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Integrated reporting is a type of business reporting that attempts to communicate to stakeholders both the financial and non-financial aspects of a company. This method of reporting assumes that social, environmental, and governance issues directly affect the worth of a company. It also assumes that stakeholders have a right to information about these issues and the strategies of the company. In August 2010, the International Integrated Reporting Committee (IIRC) was formed to create international standards for integrated reporting.
Traditional business reports often exclude any information that does not directly relate to the financial status of the company. Consequently, stakeholders know how much the business made in the last year, but have no information about the strategies and policies that helped raise that money. Environmental, social, and governance issues are generally ignored as unimportant or simply too complex to measure.
Proponents of integrated reporting argue that a more holistic approach is needed. Stakeholders, they say, have a right to know how the company is being run and whether environmental and social factors are being taken into account. This type of business reporting shows the broad, long-term consequences of the decisions the company makes. It identifies both the risks and the opportunities the company is facing and explains the connection between the established strategies of the company and the company's overall performance.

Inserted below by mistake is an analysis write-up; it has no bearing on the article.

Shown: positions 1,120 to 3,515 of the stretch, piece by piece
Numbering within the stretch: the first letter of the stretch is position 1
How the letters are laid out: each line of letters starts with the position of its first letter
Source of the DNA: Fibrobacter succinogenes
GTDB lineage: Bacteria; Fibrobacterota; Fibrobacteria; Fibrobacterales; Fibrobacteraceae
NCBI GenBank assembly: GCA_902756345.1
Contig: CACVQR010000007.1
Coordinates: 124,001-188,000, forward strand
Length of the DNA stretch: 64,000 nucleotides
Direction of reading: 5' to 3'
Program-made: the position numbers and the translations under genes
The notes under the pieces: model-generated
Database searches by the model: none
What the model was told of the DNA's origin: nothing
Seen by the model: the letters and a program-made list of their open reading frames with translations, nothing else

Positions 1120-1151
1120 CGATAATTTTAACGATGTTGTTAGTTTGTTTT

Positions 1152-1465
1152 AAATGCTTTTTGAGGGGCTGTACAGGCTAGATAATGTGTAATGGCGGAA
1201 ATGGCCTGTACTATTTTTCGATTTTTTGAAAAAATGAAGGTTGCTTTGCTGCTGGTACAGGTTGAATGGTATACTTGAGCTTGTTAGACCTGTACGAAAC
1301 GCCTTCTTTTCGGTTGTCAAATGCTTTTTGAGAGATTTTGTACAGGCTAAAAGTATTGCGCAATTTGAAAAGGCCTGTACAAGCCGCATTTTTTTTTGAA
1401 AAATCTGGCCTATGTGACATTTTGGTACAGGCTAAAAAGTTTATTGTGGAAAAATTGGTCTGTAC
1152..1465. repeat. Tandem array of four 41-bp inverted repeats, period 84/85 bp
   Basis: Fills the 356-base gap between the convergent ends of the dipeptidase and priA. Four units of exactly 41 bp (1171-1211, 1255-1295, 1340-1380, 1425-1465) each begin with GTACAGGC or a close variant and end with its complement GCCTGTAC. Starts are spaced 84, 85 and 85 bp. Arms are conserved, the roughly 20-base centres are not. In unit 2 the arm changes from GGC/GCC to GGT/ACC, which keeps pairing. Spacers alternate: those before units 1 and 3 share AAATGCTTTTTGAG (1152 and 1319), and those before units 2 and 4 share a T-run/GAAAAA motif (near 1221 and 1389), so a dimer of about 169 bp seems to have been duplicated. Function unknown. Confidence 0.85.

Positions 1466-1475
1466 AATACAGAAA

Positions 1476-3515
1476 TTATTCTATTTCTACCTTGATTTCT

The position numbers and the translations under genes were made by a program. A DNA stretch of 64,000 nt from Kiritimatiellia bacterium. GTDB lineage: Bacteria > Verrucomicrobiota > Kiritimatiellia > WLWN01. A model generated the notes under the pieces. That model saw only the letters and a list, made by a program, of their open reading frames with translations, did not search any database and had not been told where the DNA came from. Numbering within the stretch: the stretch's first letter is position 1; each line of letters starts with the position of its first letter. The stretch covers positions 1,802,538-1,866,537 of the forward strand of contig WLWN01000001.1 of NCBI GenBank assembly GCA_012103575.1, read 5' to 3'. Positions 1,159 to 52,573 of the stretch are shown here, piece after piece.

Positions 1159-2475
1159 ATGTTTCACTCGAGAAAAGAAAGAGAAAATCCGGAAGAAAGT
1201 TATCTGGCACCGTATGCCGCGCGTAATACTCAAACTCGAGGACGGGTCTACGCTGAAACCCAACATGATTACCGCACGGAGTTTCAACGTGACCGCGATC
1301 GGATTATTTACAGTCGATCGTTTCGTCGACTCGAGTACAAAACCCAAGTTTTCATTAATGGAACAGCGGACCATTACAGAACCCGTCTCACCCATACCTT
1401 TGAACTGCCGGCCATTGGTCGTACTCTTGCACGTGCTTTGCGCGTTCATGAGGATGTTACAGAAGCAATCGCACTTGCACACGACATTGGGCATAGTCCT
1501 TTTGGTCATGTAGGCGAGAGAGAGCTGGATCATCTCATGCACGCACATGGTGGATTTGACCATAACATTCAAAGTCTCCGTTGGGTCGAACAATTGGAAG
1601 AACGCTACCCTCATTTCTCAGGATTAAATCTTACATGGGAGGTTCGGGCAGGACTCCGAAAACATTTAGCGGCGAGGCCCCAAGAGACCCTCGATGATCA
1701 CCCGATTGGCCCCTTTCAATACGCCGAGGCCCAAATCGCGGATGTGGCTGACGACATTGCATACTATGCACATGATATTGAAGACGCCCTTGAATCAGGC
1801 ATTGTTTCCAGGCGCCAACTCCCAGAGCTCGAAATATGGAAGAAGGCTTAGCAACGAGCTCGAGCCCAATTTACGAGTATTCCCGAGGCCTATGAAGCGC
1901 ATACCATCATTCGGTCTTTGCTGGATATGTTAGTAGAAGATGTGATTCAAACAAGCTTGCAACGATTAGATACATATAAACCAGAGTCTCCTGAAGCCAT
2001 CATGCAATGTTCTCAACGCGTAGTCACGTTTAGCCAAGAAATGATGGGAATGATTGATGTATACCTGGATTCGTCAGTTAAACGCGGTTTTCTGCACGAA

In addition to showing stakeholders the current state of the company, this type of reporting also encourages companies to create sustainable strategies. If a company has to let stakeholders see how the company is being run, the company is more likely to create strategies that are attractive to stakeholders. For example, if a logging company is making a lot of money but has no reforestation strategy, investors are not likely to support the company because the way it is making money is not sustainable. Without integrated reporting, stakeholders would have little or no information about these sorts of strategies.
The IIRC is a committee dedicated to helping the international business community adopt integrated reporting practices. Formed in 2010 by the union of the Prince's Accounting for Sustainability Project (A4S) of London and the Global Reporting Initiative of Amsterdam, the group has no formal regulatory authority. It is formed of 25 individual corporate and civil leaders and three task forces. Its goal is to create a standardized system for integrated reporting that will be adopted by all countries. As of 2010, when the IIRC was founded, only two countries, Denmark and South Africa, had adopted integrated reporting laws.
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